Australia’s skilled migration program

Skilled migration, a mainstay of Australia’s economic and population policies, should be a win-win.

Federal and state governments are looking for migrants to meet skills shortfalls and keep the economy growing. Migrants are looking for a better lifestyle and economic opportunities.

But our research suggests the skilled migration program is failing to achieve its full economic potential, dashing personal dreams in the process. Many skilled migrants are simply not finding the opportunities they anticipated.


Our survey of more than 1,700 skilled migrants living in South Australia found 53% felt they were not utilising their skills and abilities, with 44% working in a job different to what they nominated in their visa application.

About 15% reported being unemployed at the time of the survey or for most of their time in Australia – double the South Australian jobless rate. This was despite having skills deemed by government planners to be in short supply.

Our results indicate a big mismatch between the expectations of new migrants and the reality of the labour market – in the jobs available and in employer expectations. In short, the skilled migration program simply isn’t working the way it is supposed to.

Skilled migration trends

The majority of Australia’s immigration intake is intended to benefit the economy. Out of about 178,000 permanent visas granted in 2017–18, about 111,000 were for migrants with skills. (A further 64,000 skilled migrants were granted temporary visas.)

Of those 111,000 visas, about 35,000 were employer-sponsored, meaning visa holders had a guaranteed job. About 7,000 were business investment visas, meaning migrants were bringing enough money to employ themselves and others.

The majority – about 68,000 – were part of the General Skilled Migration (GSM) program, based on having skills deemed in short supply. The federal government’s “Skilled Occupation List” now covers more than 670 occupations, from “Aboriginal and Torres Strait Islander Health Worker” to “Zoologist”.

Aspects of the GSM program are designed to attract migrants to areas other than Sydney, Melbourne and Brisbane. One way it does this is through the State-Specific Regional Migration scheme, where state or territory governments can nominate a migrant for a visa. The scheme requires living in a defined area within that state or territory (for at least two years).

In 2017-18, 27,400 of the 68,000 points-tested visas were state/territory-nominated visas – an increase from less than 24,000 the previous year. Thus these visas, channelling migrants towards the smaller cities and regional areas, are an increasingly significant part to the skilled migration intake.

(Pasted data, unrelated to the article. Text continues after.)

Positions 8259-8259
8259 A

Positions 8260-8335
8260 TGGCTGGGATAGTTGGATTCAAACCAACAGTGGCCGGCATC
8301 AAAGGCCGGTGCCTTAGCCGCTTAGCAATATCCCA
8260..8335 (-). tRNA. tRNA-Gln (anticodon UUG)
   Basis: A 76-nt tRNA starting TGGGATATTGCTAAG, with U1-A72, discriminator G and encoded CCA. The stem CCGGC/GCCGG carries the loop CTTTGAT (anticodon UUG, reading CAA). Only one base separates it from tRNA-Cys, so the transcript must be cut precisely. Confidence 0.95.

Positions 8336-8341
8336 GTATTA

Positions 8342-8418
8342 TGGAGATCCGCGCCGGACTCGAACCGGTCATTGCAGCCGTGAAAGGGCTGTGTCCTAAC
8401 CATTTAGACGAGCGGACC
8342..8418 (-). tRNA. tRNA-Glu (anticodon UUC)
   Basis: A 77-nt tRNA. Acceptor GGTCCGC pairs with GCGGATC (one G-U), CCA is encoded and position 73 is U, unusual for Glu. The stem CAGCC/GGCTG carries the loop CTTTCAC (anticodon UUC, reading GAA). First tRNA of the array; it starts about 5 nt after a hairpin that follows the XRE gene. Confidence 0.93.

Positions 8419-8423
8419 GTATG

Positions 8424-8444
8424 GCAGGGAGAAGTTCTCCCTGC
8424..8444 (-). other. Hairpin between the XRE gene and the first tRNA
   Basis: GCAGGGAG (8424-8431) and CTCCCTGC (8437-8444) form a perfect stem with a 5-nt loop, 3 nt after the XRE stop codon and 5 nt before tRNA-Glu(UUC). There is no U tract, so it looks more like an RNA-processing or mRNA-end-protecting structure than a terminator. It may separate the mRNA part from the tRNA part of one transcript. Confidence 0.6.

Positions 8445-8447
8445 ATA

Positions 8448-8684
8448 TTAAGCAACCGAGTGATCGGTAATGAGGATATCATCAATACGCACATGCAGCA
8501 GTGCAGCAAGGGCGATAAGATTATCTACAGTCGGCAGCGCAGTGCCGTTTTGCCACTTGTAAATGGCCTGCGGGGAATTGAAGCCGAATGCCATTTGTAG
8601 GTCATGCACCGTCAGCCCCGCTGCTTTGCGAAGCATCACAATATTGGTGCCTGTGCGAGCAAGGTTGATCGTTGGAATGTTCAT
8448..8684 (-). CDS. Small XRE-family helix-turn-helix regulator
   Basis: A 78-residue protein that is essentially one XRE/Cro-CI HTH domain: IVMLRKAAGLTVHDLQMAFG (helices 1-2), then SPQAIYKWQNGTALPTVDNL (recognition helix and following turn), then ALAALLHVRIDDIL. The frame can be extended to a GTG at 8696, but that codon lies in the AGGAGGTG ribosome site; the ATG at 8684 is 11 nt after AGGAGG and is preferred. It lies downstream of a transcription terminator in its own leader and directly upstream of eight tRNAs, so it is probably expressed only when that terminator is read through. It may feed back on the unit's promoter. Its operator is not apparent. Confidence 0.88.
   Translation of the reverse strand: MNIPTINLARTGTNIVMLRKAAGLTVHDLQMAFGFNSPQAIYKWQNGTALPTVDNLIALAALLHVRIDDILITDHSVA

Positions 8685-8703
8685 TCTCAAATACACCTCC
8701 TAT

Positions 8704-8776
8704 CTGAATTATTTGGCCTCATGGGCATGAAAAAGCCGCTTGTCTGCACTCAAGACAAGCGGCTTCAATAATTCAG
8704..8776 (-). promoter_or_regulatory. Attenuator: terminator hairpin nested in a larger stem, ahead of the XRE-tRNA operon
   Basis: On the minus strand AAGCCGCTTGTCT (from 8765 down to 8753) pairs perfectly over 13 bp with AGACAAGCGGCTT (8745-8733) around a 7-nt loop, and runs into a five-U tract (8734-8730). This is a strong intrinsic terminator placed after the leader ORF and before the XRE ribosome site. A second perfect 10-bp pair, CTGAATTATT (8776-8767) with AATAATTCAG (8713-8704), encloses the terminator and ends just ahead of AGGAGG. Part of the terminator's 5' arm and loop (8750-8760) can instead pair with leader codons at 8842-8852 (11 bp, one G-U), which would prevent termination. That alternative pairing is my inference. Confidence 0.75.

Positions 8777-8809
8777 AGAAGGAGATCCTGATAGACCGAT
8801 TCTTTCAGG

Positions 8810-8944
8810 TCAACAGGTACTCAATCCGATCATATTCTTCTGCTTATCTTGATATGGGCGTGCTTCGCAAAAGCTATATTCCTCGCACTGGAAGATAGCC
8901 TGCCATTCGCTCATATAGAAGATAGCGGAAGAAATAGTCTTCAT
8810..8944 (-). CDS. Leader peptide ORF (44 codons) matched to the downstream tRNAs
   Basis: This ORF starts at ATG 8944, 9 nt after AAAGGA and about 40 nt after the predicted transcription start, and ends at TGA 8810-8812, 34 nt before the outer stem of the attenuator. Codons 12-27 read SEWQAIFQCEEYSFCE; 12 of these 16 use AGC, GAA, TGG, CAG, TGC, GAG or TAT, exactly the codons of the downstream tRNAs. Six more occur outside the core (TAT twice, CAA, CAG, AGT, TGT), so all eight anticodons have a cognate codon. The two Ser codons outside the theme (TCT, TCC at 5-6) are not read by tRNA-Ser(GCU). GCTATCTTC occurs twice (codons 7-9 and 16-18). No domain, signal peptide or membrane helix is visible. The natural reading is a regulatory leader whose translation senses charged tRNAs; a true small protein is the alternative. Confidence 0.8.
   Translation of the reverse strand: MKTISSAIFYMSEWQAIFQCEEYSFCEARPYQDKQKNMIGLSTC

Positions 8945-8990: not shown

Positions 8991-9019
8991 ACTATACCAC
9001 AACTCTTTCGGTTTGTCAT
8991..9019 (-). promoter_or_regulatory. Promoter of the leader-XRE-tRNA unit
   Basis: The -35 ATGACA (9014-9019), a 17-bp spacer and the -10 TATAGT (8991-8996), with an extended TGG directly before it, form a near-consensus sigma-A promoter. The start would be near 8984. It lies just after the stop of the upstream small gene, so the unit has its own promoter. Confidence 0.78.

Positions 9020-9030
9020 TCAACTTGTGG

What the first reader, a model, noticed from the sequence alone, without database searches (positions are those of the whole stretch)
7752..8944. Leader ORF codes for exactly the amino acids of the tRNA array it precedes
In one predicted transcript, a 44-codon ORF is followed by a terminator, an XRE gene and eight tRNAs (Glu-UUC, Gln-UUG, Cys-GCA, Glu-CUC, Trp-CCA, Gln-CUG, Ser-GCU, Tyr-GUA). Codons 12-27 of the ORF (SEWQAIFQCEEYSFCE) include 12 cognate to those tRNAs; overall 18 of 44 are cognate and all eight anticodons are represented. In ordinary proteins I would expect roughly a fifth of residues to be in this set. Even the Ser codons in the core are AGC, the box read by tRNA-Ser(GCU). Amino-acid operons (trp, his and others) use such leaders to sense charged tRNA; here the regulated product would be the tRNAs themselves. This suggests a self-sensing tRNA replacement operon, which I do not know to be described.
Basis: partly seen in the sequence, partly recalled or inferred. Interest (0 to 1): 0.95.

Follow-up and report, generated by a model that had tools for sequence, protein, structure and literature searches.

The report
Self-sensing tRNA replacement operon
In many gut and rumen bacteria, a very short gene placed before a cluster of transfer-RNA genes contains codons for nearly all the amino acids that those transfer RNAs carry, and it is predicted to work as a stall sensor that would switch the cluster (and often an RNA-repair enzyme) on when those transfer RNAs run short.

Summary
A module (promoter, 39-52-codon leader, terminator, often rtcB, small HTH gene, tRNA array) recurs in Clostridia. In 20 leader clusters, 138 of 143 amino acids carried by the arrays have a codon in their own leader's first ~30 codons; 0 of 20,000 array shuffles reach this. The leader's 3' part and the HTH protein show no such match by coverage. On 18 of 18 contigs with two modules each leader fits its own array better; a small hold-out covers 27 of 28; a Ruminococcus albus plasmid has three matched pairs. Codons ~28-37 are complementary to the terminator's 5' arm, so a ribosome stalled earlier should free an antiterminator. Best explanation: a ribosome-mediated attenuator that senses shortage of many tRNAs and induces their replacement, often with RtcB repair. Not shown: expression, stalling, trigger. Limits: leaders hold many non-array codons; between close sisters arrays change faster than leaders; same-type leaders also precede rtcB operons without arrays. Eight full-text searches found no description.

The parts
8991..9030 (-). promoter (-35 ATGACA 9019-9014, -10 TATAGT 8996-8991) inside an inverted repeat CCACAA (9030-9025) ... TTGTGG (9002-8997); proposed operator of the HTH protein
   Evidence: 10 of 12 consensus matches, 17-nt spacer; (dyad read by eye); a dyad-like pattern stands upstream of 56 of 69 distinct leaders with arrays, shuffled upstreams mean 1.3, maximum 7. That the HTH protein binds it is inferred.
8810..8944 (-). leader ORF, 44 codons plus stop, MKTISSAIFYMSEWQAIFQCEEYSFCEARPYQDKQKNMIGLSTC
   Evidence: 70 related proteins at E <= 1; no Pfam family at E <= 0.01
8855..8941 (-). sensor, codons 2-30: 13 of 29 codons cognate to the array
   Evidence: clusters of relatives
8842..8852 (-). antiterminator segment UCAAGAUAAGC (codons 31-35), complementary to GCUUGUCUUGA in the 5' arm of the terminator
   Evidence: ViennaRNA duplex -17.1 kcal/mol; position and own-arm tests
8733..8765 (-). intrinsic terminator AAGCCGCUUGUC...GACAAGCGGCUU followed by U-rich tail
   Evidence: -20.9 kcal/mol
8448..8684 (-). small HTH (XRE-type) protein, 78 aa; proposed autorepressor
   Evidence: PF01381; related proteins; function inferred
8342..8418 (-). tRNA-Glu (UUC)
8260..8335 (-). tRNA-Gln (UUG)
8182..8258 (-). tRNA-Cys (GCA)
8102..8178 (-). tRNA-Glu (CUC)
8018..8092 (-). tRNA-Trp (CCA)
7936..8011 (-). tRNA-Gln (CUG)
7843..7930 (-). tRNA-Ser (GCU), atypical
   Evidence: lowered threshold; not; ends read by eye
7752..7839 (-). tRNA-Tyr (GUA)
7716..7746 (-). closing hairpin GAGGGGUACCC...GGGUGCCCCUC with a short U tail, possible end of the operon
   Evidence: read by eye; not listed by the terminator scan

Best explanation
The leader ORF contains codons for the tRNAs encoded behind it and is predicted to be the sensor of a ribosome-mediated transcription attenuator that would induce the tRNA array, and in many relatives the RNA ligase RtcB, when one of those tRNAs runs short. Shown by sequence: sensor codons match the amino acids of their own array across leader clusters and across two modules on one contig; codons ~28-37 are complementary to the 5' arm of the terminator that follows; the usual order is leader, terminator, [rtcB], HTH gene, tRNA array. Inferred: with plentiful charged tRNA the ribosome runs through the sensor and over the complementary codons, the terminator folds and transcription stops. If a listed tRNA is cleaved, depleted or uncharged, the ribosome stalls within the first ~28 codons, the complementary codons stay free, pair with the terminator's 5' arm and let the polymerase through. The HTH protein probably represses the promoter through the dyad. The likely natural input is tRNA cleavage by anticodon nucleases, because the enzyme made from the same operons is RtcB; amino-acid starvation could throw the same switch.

South Australian experiences

Our research, a joint project by the South Australian Centre for Economic Studies and the Hugo Centre for Migration and Population Research, focused on the experience of migrants nominated for a visa by the South Australian government.

Between 2010 and 2014, some 7,500 migrants came to South Australia on such visas. Our survey collected information about the employment experiences on more than 2,000 of them (culled down for various reasons). We did in-depth interviews with 20 participants.

In our survey sample nearly 70% had professional qualifications. This compares to just 20% of the general South Australian population. There was also a high rate of technical and trades skills.

Despite this, success in getting a job matching their qualifications was mixed. The unemployment rate, as noted, was twice the state average. A further 15% reported being underemployed, working fewer hours than they would have liked.

For those who found a job, 44% reported not being in the occupation in which they had experience, and 54% said they were in a role that did not fully utilise their qualifications.


In the interviews we did, many expressed frustration and disappointment about how things had turned out. Given the expense and ordeal of obtaining a GSM visa and then moving to Australia, many had expected the visa would lead automatically to a job.

There was also a widely held view that Australian employers discriminated against hiring anyone who didn’t have have local experience. Migrants thus found themselves in a classic Catch-22 situation – they couldn’t get local experience because they didn’t have local experience.


Other perceived barriers were that the jobs simply didn’t exist, that employers did not recognise overseas qualifications, or were reluctant to hire them because they were foreign and lacked fluency in English.

A clear disconnect

These findings point to a clear problem with the General Skilled Migration Program.